Transporting your Guns State to State and By Air
By Karen MacNutt,
There is nothing rational about guns laws in the United States. Over one hundred years ago the Supreme Court held that the right to travel freely is a basic civil right; however, today you can not travel freely throughout the United States with your guns.
In a rational world, your gun license would be like your driver’s license. If your home state gave you a license to possess and carry a gun, every other state should recognize the license. This is not a public safety issue. One would think Congress would enact legislation requiring each state to recognize the licenses of other states. It has not done so. Individual states may also pass laws recognizing the licenses of other states. Such laws are called “reciprocity” laws. Although many states have reciprocity laws, many do not. The net result is that every time you, as a lawful gun owner, want to travel with your guns, you have to be very careful not to violate some local law. The fact that you are an interstate traveler, or that you have a license from your home state, will not save you from local prosecution.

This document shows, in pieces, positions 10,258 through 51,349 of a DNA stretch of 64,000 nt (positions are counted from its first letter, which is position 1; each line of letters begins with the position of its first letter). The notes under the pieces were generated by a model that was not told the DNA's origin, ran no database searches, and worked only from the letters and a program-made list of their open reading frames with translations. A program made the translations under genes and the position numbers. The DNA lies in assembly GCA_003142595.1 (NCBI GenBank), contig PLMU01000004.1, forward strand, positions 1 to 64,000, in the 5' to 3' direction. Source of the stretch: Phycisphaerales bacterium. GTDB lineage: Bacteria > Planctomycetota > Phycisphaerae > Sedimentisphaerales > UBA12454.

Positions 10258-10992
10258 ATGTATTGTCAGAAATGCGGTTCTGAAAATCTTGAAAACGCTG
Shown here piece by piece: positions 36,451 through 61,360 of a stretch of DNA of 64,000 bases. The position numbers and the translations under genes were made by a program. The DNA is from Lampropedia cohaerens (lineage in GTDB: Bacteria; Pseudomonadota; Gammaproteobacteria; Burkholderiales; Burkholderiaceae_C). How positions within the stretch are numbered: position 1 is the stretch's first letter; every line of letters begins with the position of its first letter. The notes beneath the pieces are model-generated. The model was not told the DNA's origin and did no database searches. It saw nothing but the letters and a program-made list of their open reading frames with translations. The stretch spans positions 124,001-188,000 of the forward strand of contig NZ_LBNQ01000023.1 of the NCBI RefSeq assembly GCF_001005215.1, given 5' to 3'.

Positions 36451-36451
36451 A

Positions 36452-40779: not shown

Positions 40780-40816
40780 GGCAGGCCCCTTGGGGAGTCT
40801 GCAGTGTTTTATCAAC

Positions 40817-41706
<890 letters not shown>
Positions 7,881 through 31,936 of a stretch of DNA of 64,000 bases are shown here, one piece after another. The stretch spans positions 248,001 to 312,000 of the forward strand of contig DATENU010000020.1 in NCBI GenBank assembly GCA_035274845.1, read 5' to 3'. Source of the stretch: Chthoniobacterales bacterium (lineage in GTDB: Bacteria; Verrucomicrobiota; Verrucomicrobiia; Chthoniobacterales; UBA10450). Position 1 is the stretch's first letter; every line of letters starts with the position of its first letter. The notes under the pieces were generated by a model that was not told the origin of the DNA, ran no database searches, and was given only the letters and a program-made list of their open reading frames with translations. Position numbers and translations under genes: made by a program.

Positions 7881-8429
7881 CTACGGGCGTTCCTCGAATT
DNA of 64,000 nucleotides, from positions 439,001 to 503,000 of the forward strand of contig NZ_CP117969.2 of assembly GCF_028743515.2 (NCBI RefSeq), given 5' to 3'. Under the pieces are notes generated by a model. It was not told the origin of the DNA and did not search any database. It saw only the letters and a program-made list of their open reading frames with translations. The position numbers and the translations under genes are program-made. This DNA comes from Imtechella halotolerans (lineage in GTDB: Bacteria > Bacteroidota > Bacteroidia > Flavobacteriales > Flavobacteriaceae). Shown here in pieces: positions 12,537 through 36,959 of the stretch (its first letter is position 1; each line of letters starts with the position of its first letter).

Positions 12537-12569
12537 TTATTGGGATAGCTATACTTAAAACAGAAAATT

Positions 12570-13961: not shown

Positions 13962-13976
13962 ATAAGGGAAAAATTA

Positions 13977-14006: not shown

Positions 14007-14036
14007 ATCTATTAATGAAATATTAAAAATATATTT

From time to time we see stories about some poor gunowner who is arrested while traveling interstate. As some states have very severe and inflexible gun laws, make sure you know the law before you travel. Do not rely upon the advice of your home town police. Police often have the wrong answers. The NRA publishes a series of pamphlets on various state gun laws. The ATF also publishes a book on state and local gun laws. The ATF book is not published annually so it does get out of date. You can also check with the State Police of the states you will be traveling through. Often such information is on the official state web sites. Another good option is the website packing.org.
Before you travel with a gun, you must be sure: 1. You have all the proper licenses to possess the gun in the state in which you reside; 2. You have all the proper licenses to possess the gun in the state of your final destination. Plan ahead. Make sure you know the law and comply with it. Not only do you need to know the laws on possessing guns, but you also need to know how guns have to be transported or stored. Some states require certain guns be carried unloaded and cased. Some require trigger locks.